In the management of acute life-threatening haemorrhage, stabilization of the patient’s haemodynamics is of utmost importance. This includes the use of crystalloid/colloidal fluid, blood products (packed cells to restore blood volume and platelets), and of course cryoprecipitate and Factor VII, VIII, and IX, if there is a specific coagulation defect. If there is an offending agent or drug, that will also need to be stopped immediately. If there is disseminated intravascular coagulation secondary to sepsis or bone marrow infiltration by malignant cells, then the thrombocytopenia will persist and worsen unless the cause is treated.

Another agent that is often used is tranexamic acid which acts by binding to plasminogen or plasmin and preventing its degradation of fibrin, which has been used successfully in patients with bleeding manifestations both prophylactically and as a treatment option. It has been particularly useful in dental procedures, tonsillectomy, and prostate surgery as well as in menorrhagia. However, it is contraindicated in the setting of urinary tract bleed due to the risk of clot formation and urinary obstruction.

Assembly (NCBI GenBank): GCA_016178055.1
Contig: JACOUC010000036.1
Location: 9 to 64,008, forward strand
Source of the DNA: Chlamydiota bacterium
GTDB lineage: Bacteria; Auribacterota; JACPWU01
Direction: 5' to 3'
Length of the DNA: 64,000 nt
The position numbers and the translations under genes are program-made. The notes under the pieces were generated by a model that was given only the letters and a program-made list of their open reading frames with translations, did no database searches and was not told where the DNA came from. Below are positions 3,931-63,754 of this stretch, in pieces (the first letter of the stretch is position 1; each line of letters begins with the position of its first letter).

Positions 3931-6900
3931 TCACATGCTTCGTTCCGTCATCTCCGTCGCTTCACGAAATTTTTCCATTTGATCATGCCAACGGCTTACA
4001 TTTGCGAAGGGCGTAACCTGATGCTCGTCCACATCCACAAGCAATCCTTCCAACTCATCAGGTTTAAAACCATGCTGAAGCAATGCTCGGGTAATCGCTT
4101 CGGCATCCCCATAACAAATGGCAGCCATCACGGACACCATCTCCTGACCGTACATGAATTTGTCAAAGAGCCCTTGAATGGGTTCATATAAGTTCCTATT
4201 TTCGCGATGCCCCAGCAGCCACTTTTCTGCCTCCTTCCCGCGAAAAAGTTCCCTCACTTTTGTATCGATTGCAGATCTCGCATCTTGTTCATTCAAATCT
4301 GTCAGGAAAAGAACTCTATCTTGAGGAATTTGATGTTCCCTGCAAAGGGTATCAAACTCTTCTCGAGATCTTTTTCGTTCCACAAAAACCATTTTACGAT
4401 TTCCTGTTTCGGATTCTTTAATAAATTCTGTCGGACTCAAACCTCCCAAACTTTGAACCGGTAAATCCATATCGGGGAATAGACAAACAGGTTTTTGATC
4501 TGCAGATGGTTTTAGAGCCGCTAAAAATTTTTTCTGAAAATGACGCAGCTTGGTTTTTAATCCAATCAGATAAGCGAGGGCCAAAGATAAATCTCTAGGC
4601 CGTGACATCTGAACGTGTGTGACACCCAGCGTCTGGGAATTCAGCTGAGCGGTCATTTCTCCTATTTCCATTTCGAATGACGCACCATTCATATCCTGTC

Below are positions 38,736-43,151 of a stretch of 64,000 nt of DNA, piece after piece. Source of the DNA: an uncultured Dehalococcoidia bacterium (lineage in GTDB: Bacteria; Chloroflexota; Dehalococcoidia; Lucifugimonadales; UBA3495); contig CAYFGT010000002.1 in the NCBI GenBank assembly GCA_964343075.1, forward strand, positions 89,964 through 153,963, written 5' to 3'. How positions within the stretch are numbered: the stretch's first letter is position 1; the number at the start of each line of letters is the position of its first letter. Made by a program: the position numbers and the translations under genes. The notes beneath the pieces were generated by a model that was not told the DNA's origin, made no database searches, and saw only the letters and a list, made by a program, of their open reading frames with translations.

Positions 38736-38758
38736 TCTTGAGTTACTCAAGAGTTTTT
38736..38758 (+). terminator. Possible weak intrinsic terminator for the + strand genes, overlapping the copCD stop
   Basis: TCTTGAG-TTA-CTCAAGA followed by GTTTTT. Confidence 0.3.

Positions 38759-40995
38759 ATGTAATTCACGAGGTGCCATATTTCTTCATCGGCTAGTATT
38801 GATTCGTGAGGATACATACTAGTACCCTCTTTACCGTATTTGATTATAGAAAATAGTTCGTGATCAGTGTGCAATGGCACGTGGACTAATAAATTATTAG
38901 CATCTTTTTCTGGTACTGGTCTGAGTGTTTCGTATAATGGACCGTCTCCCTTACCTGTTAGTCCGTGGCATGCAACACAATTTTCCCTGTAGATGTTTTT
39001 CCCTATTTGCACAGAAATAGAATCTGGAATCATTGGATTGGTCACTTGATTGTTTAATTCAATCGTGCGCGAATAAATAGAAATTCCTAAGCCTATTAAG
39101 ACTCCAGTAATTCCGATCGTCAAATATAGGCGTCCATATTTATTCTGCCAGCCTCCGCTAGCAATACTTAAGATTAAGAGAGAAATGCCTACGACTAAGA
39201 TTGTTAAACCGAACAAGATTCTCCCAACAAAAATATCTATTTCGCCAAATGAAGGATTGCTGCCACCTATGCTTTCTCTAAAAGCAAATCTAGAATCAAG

In patients with an immune-mediated thrombocytopenia, depending on the specific cause of the thrombocytopenia and its severity, various different immunosuppressive/immunomodulating agents have been used. This includes corticosteroids, immunoglobulins, rituximab, anti-D, azathioprine, and also less frequently danazol, mycophenolate mofetil, cyclophosphamide, and cyclosporine. In severe cases, plasma exchange to remove platelet directed antibodies and eculizumab for complement-mediated platelet destruction has also been tried. Eculizumab is a recombinant humanized monoclonal IgG2/4 antibody that specifically binds to the terminal complement component 5 or C5, which acts at a late stage in the complement cascade. Eculizumab inhibits the cleavage of C5 to C5a and C5b by C5 convertase, which prevents the generation of the terminal complement complex C5b-9. However, other than reducing the pro-inflammatory and prothrombotic responses associated with complements, it also results in patients being more vulnerable to infection with encapsulated organisms (Table 2).6-8

Table2_Drugs Commonly Used in the Management of Childhood ITP